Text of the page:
International experience is a valuable and worthwhile investment for young people, both in their personal and professional development. If you've been on a InterExchange Working Abroad program, or are thinking about going on one, the skills you add to your resume once you get home will be a great way to make you stand out from the crowd when applying for jobs.
But a lot of those added skills can be more "big concept" ideas. These benefits of working and volunteering abroad can be difficult to verbalize or break down into "real world" scenarios for the people interviewing you. Attributes like flexibility, open mindedness and independence sound great in an interview or cover letter, but may need some finessing to really convey how you can use these newly-acquired skills in a position you're applying for.
InterExchange Working Abroad programs do give you that important real world professional experience as well. Education and childhood development majors who au pair abroad or teach English will have months of hands-on experience to add to their resumes. Volunteers who participate in projects pertaining to their majors will have direct experience working on a non-profit project. And Work & Travel participants in Australia and New Zealand have the freedom to work in a variety of jobs, often involving skills that relate directly to their chosen careers.
Those "big idea" benefits of time spent abroad, which Working Abroad believes are some of the most important skills to gain, need a little bit more to be as marketable to a human resources staff member at the company you want to work for.
How to Use Your Working Abroad International Experience to Stand Out in the Job Market:
1. Highlight the tangible skills first on your resume and in cover letters: If you took a foreign language class, improved your second language skills, worked/volunteered directly with a company or non-profit or had to plan and schedule lessons or other tasks, include abbreviated descriptions when applying for jobs. These experiences show HR people that you added skills they can actually hear and see. Make sure to have language school certificates, fluency tests and copies of work or lesson plans on hand when going in for an interview.
2. Move on to the "big idea" skills you can add to your resume: Skills like adaptability, strong communication, ability to work in a multi-lingual and multi-ethnic environment and being able to deal with stressful situations are very important to include in the short description of your international experience on your resume. Bullet points or a double column (unlined) table would be a good way to organize things. Think about how you've changed the most from your experience abroad and use keywords that the job you're applying for used in the description of what they are looking for in a candidate. Look at examples of resumes and cover letters to find the right fit for your experience.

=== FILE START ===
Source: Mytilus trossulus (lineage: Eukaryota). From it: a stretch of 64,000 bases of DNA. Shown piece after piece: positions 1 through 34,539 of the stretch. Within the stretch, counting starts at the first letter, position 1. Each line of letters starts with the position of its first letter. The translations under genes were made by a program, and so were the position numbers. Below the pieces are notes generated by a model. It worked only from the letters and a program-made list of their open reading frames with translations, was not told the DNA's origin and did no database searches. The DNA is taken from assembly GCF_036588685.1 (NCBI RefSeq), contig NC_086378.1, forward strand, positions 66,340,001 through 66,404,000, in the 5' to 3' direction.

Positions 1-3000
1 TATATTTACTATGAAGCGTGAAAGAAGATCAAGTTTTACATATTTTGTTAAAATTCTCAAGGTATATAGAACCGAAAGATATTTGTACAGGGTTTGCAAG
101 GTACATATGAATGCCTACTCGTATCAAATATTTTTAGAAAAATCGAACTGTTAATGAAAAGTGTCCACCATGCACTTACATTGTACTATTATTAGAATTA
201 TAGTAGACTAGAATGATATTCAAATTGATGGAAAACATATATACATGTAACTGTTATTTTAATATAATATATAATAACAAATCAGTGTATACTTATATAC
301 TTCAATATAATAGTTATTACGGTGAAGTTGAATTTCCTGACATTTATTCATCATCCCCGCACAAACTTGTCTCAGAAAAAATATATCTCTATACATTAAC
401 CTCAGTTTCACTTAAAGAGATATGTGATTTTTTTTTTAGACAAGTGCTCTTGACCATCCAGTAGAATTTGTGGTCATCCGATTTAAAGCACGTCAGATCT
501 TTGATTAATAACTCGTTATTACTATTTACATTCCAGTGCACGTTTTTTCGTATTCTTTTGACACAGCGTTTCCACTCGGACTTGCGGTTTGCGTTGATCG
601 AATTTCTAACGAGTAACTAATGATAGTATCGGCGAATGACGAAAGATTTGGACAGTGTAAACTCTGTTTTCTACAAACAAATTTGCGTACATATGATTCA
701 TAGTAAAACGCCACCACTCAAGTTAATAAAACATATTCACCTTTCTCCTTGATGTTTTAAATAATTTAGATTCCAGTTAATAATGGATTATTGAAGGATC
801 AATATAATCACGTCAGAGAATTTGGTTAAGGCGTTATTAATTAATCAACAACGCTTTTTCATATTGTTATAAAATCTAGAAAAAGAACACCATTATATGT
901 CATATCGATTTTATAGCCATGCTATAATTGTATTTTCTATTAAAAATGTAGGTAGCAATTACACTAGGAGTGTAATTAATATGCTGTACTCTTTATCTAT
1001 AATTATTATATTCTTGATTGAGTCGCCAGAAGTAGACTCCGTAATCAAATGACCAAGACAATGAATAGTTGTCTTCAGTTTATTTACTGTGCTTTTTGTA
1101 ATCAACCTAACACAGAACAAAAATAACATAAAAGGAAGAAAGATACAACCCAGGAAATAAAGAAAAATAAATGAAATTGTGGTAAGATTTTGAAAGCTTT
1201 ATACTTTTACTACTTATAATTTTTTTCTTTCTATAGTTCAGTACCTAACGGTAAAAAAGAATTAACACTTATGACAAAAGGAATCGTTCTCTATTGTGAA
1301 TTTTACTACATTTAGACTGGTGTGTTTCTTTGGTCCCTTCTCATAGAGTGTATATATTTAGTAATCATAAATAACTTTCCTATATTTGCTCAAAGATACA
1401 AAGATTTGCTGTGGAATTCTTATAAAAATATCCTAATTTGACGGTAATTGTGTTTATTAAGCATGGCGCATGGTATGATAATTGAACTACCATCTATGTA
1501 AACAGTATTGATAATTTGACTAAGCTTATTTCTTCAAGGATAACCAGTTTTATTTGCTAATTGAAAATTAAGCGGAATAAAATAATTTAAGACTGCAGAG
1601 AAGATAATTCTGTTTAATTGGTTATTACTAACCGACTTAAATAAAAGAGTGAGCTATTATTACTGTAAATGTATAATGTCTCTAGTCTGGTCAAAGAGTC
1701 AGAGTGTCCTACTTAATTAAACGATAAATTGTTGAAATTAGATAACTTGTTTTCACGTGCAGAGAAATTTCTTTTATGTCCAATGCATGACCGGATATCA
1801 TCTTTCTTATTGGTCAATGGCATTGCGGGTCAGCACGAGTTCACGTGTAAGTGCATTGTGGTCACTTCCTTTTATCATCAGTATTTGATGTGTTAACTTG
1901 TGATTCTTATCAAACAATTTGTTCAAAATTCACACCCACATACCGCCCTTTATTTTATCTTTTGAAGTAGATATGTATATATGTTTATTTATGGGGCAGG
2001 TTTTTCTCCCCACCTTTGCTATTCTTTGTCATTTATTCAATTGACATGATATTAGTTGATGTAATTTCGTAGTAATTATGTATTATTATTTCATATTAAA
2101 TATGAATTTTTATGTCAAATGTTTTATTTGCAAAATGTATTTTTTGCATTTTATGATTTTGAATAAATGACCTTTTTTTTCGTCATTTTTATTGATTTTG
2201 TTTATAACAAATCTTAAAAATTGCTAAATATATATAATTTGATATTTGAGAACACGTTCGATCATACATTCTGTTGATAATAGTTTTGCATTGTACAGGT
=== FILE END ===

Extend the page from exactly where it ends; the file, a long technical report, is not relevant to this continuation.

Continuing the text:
3. Turn "big ideas" into examples in your cover letter: You've already addressed the "big idea" skills you've added to your professional repertoire on your resume. Your cover letter is your chance to really show how this particular skills set make you the right person for the job. Making sure to address the qualifications outlined in the job description for the position you are applying for, describe specific examples you had to use adaptability, for example, in a work situation while abroad or after you returned. If the job description states the company wants a candidate who has strong communication skills, relay a time on your Working Abroad program that could have been stressful, but because you were accustomed to dealing with groups and working with multi-lingual people, you were able to handle the task at hand.
You may not have thought that time spent teaching English abroad for three months in Europe could be used on your resume, but employers love seeing international experience from candidates and you can leverage that interest for your benefit!
The University of Virginia wrote in an online article, Marketing Your Study-Abroad Experience to Employers, that the National Association of Colleges and Employers, in a yearly survey of national employers, found that HR departments are looking for the very skills time spent working and volunteering abroad foster in our InterExchange Working Abroad participants.
"In the recent NACE Job Outlook April 2011 survey (PDF), employers ranked the following as the top four key skills for new college hires:
- Ability to verbally communicate with persons inside and outside the organization
- Ability to make decisions and solve problems
- Ability to plan, organize, and prioritize work
- Ability to obtain and process information
You possess these qualities to varying degrees and will continue to develop them throughout the course of your life. Studying abroad provides additional opportunities for you to hone not only these skills, but other key competencies such as leadership, adaptability, flexibility, time management, open-mindedness, and the ability to deal with ambiguity."
If you're ready to jump in and have the adventure of a lifetime, while adding life-long skills to your resume, visit our website for more information about InterExchange Working Abroad programs. Do you have questions about how to work abroad or how to volunteer abroad? Email us with questions!